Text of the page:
BOSTON (Reuters) - Passions flared in a Maine town on Thursday over a sign in a store asking customers to place bets on an assassination of President-elect Barack Obama.
The Town Council in Standish condemned the sign on Thursday in a 6-0 vote and declared it reprehensible at a meeting where some residents defended the store owner, saying he had a right to free speech even if in bad taste, local authorities said.
“The town of Standish condemns in the strongest terms any such alleged activity calling for violence against any individual no matter their position, race or ethnicity,” said the resolution posted on the town’s website.
The sign in the Oak Hill General Store asked customers to place a $1 (68 pence) bet on the date of Obama’s assassination, and said “Let’s hope someone wins,” the Portland Press Herald reported. It was called the “Osama Obama Shotgun Pool.”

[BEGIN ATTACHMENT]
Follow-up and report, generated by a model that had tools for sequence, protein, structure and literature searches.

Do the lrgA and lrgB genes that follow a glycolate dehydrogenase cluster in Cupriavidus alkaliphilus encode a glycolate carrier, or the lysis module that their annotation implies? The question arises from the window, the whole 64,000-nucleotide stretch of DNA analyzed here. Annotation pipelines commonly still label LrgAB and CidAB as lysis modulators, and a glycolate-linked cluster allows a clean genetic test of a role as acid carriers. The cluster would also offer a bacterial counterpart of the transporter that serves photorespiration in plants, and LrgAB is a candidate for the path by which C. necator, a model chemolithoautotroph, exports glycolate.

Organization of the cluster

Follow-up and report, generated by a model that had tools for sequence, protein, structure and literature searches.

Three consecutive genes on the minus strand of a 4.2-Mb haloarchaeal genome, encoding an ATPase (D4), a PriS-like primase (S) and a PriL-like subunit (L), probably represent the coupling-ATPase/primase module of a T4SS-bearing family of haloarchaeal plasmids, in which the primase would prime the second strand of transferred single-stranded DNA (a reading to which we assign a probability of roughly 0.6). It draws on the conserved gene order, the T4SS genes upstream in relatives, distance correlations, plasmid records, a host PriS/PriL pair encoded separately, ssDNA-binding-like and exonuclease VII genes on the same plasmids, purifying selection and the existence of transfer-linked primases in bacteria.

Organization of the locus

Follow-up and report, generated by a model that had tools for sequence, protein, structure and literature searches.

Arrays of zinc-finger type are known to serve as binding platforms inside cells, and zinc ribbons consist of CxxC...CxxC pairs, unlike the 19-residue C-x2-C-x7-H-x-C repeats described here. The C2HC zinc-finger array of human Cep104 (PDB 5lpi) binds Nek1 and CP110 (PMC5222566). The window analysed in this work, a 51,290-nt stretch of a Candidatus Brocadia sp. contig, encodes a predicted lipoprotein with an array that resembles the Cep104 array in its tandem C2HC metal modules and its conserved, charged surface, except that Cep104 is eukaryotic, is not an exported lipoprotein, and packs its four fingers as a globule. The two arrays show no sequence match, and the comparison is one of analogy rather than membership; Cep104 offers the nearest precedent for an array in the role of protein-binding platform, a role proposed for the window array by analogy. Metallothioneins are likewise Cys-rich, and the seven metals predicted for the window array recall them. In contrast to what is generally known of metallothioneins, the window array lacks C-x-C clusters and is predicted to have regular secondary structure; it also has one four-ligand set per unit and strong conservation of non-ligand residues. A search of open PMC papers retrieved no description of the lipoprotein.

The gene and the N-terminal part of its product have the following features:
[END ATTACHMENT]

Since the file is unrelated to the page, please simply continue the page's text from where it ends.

The store in the town of 9,285 people in southwest Maine has remained closed since reports of the sign appeared in the media on Sunday.
About 80 people attended the meeting, including some who defended the store owner, said town clerk Mary Chapman.
“There were folks on both sides of the issue,” Chapman said in a telephone interview. “People were passionate of their opinion but very respectful of others.”
Obama’s historic election victory as the nation’s first black president has sparked racist incidents nationwide, according to groups that monitor hate crimes.
Obama, an Illinois senator, won the November 4 presidential contest in Maine over Republic Sen. John McCain of Arizona.
Reporting by Jason Szep; editing by Todd Eastham